They saw defeating the Islamic State and playing first fiddle in directing a political settlement in Syria as an opportunity to assert Russia’s status as a global power. The chance to fight together with Western nations, combined with Moscow’s special relations with the Syrian regime and Iran, which carried out most of fighting on the ground, meant that the Kremlin could present itself as fighting against a universal evil in the form of the Islamic State while also securing a comparative edge.
Emerging as a regional power was another objective. Speaking in the plenary meeting of the United Nations General Assembly that took place just two days before the aerial campaign, Putin endowed Russia with a “fixer role” by famously addressing the United States with the question: “Do you at least realize now what you’ve done?” Moscow sensed the opportunity to fill a vacuum in a metastasizing conflict zone that only grew as American disillusionment with an interventionist U.S. Middle East policy deepened. The fixer role has delivered its benefits, but Russia didn’t enter Syria to fix it. Putin always intended to be much more than a fixer; he wanted Moscow to be an indispensable actor.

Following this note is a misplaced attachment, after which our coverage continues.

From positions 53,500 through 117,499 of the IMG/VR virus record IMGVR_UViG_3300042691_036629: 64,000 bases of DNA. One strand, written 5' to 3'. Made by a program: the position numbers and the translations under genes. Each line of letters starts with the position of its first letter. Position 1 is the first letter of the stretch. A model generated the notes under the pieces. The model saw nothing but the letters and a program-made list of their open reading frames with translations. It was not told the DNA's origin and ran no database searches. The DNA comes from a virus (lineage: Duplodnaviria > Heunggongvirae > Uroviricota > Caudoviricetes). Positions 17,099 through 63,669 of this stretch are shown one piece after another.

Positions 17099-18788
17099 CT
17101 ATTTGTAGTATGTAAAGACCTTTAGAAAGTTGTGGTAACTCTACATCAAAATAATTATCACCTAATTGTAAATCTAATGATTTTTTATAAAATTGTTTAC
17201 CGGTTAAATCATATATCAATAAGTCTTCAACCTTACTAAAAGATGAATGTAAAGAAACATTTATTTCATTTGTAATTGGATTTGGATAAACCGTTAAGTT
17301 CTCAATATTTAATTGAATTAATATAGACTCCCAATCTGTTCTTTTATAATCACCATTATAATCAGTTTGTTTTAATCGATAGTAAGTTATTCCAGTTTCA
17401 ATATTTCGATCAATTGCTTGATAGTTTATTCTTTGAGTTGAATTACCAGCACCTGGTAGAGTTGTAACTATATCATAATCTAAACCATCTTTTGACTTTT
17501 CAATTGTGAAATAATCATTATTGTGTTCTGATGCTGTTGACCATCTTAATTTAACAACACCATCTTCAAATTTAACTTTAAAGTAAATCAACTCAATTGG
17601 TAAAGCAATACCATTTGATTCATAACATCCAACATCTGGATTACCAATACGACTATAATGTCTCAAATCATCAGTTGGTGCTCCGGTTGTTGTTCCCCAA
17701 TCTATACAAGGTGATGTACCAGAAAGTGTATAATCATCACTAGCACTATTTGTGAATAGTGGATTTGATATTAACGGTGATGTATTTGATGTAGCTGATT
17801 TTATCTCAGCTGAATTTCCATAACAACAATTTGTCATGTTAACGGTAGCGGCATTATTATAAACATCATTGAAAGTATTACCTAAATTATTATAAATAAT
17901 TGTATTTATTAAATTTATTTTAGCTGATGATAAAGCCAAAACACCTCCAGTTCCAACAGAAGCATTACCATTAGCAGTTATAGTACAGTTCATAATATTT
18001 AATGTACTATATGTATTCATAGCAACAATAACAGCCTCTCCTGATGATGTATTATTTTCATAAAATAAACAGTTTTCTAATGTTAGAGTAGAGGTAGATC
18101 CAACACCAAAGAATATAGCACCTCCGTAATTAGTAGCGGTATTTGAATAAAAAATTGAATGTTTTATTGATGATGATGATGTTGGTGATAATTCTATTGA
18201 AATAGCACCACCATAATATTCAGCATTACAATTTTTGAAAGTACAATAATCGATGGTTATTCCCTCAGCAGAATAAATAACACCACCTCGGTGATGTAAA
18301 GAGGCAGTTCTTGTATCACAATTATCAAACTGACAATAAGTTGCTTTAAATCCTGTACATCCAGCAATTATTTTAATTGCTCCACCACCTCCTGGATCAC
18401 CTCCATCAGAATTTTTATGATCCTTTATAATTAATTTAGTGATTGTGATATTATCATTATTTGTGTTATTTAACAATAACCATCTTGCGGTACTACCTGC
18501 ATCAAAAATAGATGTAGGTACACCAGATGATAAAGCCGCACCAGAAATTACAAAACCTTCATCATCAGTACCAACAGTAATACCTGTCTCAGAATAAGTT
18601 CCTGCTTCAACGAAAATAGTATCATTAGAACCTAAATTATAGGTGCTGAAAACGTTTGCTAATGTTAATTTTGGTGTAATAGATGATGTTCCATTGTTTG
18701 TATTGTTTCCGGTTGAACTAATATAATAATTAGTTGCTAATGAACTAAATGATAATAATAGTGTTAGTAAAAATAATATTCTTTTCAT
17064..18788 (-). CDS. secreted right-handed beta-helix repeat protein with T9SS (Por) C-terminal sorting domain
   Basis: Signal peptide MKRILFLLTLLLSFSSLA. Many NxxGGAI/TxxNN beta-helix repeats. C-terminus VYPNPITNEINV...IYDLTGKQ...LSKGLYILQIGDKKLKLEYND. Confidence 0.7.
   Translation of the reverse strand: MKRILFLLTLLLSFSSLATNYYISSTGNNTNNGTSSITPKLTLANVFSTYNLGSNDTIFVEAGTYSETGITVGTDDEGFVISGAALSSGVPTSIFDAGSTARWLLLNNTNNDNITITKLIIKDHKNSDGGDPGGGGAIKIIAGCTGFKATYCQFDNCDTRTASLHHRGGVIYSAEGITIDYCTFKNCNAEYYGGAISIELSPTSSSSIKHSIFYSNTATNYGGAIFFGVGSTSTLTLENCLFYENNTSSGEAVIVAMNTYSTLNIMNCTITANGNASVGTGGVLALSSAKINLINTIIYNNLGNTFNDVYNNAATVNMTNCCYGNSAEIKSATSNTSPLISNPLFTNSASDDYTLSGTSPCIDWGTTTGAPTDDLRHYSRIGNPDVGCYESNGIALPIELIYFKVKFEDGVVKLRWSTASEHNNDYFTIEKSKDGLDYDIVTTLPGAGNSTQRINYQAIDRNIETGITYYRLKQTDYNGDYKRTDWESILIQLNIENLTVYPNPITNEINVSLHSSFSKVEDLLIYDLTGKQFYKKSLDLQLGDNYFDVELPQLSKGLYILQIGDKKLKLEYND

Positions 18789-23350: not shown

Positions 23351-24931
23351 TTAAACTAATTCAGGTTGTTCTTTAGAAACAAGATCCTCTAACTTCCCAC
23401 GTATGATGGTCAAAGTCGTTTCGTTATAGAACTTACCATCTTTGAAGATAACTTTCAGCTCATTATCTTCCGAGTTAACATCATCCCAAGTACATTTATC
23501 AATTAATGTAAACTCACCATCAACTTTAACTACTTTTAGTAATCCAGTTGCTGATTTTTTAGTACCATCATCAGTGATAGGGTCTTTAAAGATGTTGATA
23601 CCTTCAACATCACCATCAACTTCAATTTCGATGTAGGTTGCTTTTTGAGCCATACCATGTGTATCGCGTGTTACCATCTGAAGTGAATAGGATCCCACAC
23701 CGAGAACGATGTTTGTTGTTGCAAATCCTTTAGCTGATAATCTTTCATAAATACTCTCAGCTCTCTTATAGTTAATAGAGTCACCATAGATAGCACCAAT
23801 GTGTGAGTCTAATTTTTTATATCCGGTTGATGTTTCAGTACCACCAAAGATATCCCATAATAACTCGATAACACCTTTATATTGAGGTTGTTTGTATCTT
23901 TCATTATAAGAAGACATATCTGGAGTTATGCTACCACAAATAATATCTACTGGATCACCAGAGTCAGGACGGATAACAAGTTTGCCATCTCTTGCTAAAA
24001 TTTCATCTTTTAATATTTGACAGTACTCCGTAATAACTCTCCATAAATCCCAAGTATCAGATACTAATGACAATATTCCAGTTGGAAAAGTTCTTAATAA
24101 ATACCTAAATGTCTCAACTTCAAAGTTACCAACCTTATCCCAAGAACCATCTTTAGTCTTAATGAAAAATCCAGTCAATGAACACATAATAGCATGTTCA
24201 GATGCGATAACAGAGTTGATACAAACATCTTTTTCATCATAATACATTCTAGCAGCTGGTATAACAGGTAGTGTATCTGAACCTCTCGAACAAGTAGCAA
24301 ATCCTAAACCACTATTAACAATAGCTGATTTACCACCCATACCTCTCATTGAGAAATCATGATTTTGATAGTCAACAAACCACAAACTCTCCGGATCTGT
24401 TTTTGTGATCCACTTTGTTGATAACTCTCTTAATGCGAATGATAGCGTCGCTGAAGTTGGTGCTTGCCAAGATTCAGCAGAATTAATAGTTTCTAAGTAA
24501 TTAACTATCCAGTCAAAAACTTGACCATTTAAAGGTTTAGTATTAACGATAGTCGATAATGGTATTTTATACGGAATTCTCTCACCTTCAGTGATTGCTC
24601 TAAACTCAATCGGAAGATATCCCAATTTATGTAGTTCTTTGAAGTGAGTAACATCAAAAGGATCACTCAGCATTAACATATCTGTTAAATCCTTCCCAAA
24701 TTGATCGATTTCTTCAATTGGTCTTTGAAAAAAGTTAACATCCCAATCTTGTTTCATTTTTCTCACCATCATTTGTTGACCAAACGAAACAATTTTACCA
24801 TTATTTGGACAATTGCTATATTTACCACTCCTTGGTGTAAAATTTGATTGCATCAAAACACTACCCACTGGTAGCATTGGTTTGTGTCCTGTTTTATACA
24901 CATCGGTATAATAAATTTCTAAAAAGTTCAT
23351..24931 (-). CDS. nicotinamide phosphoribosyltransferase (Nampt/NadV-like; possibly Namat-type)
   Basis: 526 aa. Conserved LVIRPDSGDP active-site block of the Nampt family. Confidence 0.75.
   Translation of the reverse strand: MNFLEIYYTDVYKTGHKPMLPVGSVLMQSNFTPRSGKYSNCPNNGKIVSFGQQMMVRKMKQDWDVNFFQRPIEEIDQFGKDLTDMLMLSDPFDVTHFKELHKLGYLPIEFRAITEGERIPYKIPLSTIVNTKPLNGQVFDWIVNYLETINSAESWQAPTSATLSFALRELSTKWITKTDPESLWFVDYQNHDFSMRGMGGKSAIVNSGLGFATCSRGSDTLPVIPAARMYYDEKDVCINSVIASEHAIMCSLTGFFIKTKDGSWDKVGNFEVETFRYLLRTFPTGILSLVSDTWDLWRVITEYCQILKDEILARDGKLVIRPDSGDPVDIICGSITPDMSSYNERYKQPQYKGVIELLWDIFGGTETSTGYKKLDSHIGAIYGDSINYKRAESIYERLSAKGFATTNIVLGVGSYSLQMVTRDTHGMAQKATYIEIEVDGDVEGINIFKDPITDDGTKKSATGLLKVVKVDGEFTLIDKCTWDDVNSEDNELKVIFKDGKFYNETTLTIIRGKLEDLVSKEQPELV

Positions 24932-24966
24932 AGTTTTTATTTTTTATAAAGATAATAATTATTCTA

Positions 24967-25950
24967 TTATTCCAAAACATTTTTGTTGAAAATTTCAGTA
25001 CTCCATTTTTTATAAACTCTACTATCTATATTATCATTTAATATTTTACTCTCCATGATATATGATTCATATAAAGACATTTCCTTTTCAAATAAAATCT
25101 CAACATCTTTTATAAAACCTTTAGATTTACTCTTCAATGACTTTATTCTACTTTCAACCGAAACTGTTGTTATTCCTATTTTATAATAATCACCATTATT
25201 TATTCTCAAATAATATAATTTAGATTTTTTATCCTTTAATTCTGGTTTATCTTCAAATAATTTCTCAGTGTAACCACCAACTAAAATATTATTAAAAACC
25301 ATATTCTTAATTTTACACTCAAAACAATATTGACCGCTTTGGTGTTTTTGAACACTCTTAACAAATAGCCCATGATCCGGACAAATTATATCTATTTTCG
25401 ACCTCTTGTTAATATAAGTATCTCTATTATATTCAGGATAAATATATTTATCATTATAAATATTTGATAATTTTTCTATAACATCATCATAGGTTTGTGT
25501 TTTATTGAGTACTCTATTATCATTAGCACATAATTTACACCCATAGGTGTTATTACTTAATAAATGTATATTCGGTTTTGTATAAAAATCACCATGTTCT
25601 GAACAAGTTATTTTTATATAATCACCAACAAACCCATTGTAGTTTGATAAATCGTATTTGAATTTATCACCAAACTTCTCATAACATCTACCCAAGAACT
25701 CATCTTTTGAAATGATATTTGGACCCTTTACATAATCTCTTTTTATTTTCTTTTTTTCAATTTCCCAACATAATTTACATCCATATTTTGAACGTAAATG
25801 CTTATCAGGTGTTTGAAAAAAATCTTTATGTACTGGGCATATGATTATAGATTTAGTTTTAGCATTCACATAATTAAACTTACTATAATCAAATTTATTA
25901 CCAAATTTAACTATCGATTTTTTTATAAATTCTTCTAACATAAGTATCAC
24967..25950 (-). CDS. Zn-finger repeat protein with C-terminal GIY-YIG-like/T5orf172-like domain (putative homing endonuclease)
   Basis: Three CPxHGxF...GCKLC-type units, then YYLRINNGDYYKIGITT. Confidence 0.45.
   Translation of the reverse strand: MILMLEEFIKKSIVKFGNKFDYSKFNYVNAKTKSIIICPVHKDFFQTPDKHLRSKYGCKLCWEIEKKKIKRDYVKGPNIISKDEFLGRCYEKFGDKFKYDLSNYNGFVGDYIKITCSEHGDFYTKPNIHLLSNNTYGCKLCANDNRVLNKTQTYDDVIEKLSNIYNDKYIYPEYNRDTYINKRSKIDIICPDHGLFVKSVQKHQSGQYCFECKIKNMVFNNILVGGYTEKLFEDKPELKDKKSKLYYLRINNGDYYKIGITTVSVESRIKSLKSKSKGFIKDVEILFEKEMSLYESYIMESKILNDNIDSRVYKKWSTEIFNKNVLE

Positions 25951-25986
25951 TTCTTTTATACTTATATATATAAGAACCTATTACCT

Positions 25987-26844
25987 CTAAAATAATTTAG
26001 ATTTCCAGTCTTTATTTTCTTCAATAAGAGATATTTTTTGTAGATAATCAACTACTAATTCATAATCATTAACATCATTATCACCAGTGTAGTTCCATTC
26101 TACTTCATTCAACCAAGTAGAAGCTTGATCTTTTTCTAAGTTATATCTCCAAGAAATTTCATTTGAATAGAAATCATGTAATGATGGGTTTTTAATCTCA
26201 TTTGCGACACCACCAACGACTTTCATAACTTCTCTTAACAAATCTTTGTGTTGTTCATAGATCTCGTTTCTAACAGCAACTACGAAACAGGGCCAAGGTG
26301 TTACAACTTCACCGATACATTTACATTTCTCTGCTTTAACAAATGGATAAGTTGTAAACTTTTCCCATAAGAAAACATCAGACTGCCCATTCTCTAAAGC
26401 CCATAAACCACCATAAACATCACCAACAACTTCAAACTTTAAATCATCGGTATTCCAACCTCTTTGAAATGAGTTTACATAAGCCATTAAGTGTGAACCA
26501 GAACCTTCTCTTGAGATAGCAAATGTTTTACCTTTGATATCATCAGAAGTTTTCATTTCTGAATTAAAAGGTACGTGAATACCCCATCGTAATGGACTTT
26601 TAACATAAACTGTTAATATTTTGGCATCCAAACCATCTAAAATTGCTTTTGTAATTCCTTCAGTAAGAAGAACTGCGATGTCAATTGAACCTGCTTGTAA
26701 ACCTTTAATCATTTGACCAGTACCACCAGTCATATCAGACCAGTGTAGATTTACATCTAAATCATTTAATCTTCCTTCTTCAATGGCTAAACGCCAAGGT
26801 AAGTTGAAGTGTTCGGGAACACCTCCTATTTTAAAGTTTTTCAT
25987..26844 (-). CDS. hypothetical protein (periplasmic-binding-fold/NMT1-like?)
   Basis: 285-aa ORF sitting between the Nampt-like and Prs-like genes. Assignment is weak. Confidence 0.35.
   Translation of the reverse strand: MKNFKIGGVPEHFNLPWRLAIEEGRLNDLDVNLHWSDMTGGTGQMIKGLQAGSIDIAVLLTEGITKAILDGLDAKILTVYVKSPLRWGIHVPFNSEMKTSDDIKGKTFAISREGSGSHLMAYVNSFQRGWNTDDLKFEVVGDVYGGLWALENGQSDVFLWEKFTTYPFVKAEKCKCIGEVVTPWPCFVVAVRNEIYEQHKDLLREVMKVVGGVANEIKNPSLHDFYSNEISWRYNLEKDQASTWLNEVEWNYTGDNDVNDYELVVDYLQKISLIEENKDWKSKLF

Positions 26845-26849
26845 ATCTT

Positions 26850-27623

Russia’s actions were not simply opportunistic and dictated by short-term tactical thinking. The goal in Syria was not to grab what was left but to flex its muscle and showcase power. Moscow’s approach turned out to be a blessing in disguise within the turbulent setting of the Middle East. When one man in the Kremlin and a cohort of few chosen aides decide everything in the course of a phone call, it’s a familiar way of doing business that resonates with authoritarian regimes across the region.